A New Way to Raise ‘Good’ Cholesterol?

Meeting the challenge of increasing HDL

Drugs to reduce LDL, the “bad” cholesterol, have been around for decades. Until recently, though, researchers were puzzled by how to increase HDL, the “good” cholesterol.

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A new drug under trial may help play a role in raising good cholesterol in the not-too-distant future.

What is cholesterol?

Cholesterol is a waxy substance found in every cell of the human body. It’s used to produce hormones and vitamin D, and it aids in digestion. Because the body produces all the cholesterol it needs, the additional cholesterol found in many foods is unnecessary.

Cholesterol is carried through the bloodstream in two kinds of lipoproteins: low-density (LDL) and high-density (HDL). It’s important to have healthy levels of both types.

HDL carries excess cholesterol to the liver, where it’s removed from the body. If, however, LDL cholesterol levels are too high beyond the ability of HDL to clear it, cholesterol can build up in the arteries. And too much cholesterol in the arteries can cause arteriosclerosis, a thickening of the arterial walls, which leads to reduced blood flow to the heart and brain and increases the risk of heart attack and stroke.

You can raise HDL cholesterol levels by incorporating healthy dietary and lifestyle changes, such as quitting smoking, eating less red meat and dairy products and exercising more.

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A promising new drug

Now a new drug, evacetrapib, shows promise in raising HDL.

Leading a study of evacetrapib is Stephen J. Nicholls, MBBS, PhD. Dr. Nicholls is beginning a Cleveland Clinic-led phase 3 clinical trial of the drug. The worldwide study involves over 11,000 patients in more than 30 countries.

“We’re moving forward to assess whether the medication reduces the likelihood that patients will have heart attacks and strokes,” Dr. Nicholls says.

Previous studies of several other drugs reported raised HDL levels in trial participants, but were stopped after researchers discovered associated health risks and a failure to reduce heart attack risk. In contrast, Dr. Nicholls says that early studies of evacetrapib showed no major side effects.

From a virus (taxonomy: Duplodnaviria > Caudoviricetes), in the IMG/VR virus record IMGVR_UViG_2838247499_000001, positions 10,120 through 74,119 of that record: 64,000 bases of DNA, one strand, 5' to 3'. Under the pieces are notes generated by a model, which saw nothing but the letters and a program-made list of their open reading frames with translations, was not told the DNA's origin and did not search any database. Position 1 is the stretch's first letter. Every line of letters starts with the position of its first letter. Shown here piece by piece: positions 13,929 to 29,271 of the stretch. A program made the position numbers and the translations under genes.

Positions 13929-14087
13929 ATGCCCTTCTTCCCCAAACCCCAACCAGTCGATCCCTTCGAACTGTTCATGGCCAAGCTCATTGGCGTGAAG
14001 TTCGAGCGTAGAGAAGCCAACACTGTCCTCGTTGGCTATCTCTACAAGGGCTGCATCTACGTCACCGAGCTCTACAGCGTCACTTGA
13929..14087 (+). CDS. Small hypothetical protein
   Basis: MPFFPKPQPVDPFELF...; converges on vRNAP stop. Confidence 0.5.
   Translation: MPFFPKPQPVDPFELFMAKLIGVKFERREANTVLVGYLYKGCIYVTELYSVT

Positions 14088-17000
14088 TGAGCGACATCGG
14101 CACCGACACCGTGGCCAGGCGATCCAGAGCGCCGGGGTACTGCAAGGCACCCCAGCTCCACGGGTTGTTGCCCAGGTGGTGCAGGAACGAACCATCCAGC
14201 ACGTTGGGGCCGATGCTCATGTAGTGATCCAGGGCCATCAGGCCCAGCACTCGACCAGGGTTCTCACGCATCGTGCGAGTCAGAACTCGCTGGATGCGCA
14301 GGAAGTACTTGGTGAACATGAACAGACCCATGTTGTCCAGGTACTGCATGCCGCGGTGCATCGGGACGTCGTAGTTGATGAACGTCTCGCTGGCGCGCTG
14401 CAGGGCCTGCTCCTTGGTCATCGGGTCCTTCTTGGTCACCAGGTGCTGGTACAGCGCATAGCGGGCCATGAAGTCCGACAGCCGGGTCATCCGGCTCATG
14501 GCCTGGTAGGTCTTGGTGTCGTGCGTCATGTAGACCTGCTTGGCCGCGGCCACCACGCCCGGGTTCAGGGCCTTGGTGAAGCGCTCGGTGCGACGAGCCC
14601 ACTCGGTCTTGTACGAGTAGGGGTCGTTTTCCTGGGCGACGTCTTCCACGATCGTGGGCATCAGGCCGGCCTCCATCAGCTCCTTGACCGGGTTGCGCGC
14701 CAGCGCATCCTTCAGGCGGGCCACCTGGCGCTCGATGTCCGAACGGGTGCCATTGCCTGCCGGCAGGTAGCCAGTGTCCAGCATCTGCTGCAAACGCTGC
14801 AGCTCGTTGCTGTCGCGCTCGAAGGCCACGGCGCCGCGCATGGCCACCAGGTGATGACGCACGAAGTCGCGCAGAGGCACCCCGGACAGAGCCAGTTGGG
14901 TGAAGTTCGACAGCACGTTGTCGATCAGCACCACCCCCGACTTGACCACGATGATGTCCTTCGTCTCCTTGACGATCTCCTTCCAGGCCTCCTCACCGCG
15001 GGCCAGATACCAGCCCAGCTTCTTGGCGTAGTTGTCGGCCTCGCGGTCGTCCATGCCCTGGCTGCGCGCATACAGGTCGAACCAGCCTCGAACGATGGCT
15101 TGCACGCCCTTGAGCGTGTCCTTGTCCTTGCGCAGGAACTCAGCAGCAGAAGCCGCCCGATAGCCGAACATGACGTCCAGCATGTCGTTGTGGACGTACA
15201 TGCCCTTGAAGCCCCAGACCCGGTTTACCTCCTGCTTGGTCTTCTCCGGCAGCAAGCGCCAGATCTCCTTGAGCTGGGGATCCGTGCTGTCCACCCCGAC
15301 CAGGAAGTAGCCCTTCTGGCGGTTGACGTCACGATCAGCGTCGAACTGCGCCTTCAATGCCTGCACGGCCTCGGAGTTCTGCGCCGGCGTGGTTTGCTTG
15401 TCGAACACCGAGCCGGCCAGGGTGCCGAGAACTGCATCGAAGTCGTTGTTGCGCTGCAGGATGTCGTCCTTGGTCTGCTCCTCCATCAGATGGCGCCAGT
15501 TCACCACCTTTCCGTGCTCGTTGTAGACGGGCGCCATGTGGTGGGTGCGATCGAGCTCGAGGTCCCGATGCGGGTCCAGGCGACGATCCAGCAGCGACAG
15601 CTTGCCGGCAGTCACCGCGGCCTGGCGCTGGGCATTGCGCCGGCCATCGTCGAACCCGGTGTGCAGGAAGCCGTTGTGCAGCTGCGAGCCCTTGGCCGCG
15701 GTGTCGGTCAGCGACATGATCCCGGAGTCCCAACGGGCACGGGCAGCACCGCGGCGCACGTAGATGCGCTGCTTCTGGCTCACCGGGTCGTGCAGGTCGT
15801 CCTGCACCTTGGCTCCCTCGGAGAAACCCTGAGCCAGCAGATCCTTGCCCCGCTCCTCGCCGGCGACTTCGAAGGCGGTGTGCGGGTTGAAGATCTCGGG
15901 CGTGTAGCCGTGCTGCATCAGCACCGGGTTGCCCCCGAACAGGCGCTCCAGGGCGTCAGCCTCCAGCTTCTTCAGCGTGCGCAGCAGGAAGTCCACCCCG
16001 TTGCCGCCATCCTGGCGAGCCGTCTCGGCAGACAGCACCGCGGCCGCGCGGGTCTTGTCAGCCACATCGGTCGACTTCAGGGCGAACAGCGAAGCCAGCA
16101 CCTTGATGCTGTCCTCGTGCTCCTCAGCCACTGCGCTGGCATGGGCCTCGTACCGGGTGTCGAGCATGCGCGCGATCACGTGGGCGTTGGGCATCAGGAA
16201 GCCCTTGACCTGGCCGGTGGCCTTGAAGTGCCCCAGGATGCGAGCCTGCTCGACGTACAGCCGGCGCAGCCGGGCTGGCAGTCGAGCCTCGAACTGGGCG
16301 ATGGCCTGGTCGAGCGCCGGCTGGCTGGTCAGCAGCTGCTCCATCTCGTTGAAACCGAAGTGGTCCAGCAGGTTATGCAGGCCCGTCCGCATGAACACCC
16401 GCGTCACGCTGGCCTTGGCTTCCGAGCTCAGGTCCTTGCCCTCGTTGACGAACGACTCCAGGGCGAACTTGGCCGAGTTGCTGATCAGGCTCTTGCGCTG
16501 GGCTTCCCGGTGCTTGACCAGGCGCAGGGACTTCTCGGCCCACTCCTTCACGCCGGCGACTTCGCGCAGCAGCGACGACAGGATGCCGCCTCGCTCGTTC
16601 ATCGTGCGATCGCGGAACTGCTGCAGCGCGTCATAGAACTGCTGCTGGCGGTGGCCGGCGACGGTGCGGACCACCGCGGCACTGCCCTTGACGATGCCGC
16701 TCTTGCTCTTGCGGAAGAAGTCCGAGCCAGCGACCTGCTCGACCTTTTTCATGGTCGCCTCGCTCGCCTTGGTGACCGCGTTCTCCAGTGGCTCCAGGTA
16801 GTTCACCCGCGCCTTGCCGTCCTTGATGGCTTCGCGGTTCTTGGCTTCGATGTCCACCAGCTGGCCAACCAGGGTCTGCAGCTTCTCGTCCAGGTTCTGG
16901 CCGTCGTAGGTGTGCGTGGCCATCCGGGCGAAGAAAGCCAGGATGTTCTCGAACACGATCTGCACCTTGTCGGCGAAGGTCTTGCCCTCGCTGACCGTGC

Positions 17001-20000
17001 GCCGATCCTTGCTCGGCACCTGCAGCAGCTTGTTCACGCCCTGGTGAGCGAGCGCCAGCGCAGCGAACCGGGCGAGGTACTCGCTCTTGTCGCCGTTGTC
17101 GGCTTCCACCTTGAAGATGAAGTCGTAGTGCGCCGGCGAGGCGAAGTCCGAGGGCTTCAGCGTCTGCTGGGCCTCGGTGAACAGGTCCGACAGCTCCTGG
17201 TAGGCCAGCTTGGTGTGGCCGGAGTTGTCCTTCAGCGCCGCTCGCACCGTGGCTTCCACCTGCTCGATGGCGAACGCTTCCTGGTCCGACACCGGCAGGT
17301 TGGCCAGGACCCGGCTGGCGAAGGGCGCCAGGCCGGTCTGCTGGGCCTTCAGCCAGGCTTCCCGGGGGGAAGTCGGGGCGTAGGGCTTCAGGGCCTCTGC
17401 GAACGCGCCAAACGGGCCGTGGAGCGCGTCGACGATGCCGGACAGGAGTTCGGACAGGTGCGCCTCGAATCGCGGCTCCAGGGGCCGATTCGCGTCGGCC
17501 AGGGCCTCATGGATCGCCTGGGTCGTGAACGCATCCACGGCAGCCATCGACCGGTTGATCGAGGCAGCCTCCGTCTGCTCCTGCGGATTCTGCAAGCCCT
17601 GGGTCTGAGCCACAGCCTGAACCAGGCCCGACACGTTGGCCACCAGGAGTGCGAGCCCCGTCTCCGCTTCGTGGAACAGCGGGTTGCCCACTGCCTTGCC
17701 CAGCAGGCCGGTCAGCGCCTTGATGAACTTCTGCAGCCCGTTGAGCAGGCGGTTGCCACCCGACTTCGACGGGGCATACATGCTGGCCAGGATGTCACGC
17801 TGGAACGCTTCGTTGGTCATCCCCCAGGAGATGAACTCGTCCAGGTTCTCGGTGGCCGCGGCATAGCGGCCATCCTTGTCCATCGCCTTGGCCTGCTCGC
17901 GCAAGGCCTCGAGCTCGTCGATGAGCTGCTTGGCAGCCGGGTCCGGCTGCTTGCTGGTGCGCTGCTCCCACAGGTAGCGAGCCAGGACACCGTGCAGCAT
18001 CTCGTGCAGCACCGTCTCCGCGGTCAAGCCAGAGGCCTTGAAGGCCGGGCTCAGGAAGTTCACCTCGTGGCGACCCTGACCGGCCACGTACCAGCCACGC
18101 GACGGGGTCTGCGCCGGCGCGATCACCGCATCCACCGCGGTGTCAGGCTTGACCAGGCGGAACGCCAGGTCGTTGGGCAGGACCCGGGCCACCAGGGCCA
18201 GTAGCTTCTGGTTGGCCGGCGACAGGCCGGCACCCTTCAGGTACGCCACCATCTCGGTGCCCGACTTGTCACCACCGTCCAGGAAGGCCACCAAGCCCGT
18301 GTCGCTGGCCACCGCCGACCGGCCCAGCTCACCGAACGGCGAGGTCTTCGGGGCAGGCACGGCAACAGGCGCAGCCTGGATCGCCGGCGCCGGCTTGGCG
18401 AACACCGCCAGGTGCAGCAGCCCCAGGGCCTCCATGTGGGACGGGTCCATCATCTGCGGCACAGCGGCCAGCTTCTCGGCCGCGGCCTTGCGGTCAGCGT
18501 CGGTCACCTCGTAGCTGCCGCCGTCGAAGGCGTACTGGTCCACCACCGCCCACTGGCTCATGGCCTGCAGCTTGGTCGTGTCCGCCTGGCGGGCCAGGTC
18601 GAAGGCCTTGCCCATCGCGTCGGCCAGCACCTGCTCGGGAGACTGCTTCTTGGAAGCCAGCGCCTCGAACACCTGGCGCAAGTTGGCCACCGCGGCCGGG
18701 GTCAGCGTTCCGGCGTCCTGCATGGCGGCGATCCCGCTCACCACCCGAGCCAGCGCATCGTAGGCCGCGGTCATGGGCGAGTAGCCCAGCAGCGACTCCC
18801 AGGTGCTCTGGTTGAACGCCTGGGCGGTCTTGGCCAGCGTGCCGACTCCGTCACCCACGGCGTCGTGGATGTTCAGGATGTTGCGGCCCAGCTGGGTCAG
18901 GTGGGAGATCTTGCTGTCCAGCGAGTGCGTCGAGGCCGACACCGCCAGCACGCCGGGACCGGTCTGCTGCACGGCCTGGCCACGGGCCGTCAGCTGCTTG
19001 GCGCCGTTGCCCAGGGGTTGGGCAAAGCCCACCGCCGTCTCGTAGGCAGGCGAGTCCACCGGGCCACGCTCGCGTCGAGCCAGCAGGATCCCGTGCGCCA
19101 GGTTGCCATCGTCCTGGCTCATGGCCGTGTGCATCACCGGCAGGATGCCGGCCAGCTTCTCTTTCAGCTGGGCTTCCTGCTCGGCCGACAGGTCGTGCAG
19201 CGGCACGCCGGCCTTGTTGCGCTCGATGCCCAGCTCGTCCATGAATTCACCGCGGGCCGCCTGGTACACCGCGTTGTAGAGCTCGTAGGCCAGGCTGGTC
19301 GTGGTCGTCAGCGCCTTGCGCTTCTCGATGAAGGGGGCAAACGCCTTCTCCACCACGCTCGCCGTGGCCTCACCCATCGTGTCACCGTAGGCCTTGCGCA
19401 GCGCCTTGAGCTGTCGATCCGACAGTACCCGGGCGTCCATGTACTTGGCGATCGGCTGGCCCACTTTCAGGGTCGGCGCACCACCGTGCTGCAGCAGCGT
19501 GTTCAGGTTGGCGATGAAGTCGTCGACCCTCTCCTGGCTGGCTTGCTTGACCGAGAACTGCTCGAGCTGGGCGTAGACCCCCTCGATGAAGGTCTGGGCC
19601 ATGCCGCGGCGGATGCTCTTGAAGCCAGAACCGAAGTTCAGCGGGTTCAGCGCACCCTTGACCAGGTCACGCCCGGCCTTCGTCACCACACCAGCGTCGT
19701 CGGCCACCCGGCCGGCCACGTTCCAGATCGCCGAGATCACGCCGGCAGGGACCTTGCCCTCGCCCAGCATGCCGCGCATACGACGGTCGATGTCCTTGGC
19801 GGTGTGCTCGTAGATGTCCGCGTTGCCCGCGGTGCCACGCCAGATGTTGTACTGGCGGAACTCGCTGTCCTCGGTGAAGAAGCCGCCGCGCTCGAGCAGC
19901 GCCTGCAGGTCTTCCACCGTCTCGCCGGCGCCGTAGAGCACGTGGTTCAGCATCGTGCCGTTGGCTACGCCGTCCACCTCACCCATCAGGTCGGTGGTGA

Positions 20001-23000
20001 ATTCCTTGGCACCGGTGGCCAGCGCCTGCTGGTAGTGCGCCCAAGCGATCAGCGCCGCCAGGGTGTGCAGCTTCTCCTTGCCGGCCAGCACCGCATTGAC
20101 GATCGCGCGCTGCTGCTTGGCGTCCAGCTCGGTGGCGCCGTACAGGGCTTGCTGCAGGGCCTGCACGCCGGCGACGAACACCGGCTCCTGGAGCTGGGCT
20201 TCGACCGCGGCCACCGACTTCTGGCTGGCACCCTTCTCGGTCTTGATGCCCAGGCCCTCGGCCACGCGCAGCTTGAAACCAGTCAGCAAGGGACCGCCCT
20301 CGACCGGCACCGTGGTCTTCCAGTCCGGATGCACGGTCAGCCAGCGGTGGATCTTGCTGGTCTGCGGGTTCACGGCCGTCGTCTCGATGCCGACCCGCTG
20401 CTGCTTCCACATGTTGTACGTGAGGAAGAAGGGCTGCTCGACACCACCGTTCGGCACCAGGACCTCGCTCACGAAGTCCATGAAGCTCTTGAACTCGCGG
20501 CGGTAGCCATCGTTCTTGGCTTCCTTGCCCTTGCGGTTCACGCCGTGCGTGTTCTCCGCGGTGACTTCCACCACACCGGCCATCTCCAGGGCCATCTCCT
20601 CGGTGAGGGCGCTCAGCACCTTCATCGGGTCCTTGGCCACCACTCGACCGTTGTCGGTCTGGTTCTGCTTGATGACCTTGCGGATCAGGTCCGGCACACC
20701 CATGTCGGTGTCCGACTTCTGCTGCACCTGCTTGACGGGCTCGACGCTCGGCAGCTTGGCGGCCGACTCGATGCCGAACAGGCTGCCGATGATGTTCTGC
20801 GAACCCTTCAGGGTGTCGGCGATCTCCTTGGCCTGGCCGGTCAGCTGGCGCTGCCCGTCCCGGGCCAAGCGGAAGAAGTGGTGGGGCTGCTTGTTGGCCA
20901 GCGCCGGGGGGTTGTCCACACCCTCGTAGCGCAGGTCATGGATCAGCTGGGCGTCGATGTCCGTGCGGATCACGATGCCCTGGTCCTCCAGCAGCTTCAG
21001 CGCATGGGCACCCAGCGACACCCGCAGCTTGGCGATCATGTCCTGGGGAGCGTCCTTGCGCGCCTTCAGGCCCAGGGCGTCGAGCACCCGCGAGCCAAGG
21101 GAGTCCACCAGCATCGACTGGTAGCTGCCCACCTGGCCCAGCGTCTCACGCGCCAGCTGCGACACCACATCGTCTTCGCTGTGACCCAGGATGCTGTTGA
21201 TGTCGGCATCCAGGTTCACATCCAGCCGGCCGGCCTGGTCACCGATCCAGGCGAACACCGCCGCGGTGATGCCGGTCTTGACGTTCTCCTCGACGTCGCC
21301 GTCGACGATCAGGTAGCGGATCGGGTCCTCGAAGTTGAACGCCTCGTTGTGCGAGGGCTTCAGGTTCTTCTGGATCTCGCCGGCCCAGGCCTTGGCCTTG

“We’re not really sure why it’s proving more difficult to increase HDL,” says Dr. Nicholls. “Decreasing LDL seems to be pretty straightforward. Medications that lower LDL typically reduce clinical events. Medications that raise HDL have variable effects on clinical events, and several have failed to protect in recent large trials. It may be that the way HDL is raised is particularly important.”

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How the new drug works

Evacetrapib works by blocking a factor that normally allows transfer of cholesterol from the good form to the bad. As a result, the good form of cholesterol is raised, and the bad form is lowered. “We’d like to think that should be good for patients in terms of less risk of heart attack and stroke,” Dr. Nicholls says.

“Although preliminary studies are encouraging, the current clinical trial will take another three to four years,” says Dr. Nicholls. “Outcomes will then be studied and evaluated before the drug might be approved.”

Stephen J. Nicholls, MBBS, PhD, Medical Director of Intravascular Ultrasound and Angiography Core Laboratories and Clinical Director of the Center for Cardiovascular Diagnostics and Prevention at Cleveland Clinic. Currently in Australia as Professor of Cardiology at the South Australian Health & Medical Research Institute, Dr. Nicholls is beginning a phase 3 clinical trial of the drug, led by Cleveland Clinic.

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